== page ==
-Grade 7/8 students from Saskatoon Misbah School have a unique situation in their school. They use water 5 times daily in their Wudu cleansing for prayer. Students audited this water use and then adjusted the flow of water to reduce waste. This change reduced water use by 500L/day.
- King George School’s grade 6/7 class completed a school-wide garbage audit. After discovering that a large amount of the garbage’s contents was actually edible food, the students led a campaign to help curb the problem. The class encouraged fellow students to take only what they would consume, and started using reusable containers to take leftover food from the lunch program home. Their post-campaign audit showed a successful reduction of lunchtime food waste from 13.7kg/day to 2.2kg/day.
- Three students from St. Dominic School read their water meters for four consecutive weeks. During the first week, the students and their families continued to use water as usual. For the subsequent weeks, they reduced their home water consumption by, for example, reducing shower time and running the dishwasher only when full. Each of the families had significant water savings that ranged from 12% to 18%. If the families keep up these new behaviours, they will reduce water consumption by a total of 120 m3/year.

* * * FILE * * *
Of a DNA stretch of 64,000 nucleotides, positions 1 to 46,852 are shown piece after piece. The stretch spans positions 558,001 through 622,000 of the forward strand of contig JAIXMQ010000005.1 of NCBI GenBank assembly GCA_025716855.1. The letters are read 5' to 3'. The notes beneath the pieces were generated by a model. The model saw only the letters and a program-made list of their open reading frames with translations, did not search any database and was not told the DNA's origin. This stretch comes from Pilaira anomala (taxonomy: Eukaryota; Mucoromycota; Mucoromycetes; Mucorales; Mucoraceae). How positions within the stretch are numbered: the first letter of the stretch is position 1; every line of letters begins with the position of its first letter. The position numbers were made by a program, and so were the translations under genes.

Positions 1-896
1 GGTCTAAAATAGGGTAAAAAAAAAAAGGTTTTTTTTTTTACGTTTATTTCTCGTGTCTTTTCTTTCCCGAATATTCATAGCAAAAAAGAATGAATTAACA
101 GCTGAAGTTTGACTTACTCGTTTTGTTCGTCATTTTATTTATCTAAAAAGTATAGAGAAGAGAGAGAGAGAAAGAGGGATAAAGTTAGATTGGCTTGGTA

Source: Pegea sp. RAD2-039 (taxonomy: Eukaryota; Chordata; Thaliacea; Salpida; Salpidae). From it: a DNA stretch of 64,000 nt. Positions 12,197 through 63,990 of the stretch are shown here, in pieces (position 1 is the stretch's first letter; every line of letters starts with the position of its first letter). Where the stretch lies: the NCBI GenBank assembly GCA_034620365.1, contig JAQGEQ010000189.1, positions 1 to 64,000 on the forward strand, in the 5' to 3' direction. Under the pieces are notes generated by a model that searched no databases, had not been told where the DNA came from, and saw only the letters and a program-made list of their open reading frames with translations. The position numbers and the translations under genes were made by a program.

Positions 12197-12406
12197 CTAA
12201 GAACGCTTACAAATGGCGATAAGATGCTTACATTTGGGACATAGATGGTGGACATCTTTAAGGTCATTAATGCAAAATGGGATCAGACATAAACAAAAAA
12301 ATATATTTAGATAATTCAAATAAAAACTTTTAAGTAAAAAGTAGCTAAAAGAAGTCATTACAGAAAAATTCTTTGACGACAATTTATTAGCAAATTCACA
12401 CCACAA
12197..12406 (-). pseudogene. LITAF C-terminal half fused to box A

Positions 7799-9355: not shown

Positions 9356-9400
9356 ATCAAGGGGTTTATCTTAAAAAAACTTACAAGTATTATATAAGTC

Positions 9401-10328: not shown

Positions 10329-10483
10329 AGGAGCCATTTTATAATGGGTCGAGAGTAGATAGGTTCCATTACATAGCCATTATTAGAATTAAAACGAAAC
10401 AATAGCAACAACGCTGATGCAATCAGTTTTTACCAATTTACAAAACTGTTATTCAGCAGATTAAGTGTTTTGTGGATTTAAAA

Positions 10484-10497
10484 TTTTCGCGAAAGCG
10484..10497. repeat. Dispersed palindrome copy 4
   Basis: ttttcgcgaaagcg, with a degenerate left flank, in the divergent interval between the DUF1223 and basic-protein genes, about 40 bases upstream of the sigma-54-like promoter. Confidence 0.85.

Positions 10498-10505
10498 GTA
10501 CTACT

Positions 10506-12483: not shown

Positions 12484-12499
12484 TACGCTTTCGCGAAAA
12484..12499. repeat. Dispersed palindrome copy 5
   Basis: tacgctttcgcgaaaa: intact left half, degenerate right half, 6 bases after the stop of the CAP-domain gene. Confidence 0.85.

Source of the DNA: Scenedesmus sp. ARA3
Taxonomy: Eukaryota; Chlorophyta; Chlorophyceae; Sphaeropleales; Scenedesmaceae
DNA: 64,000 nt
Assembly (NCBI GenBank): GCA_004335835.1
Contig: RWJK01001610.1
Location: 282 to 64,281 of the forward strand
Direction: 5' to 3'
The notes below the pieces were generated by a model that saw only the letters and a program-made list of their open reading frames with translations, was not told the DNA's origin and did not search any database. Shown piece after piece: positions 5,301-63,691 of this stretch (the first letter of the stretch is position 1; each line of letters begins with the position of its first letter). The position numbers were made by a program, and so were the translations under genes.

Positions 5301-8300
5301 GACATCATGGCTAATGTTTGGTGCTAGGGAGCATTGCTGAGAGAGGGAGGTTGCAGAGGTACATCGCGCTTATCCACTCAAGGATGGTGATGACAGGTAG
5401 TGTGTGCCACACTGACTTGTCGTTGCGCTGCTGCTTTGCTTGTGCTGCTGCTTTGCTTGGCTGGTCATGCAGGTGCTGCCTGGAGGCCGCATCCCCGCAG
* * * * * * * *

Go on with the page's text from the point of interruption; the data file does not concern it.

- Brownell School’s grade 7/8 class took action to reduce their ecological footprints. Each student conducted an energy, water, or waste conservation project at home and/or at school. Four families reduced their household electricity use by 1.6kWh/day for a combined savings of 8,030 kWh of electricity/year.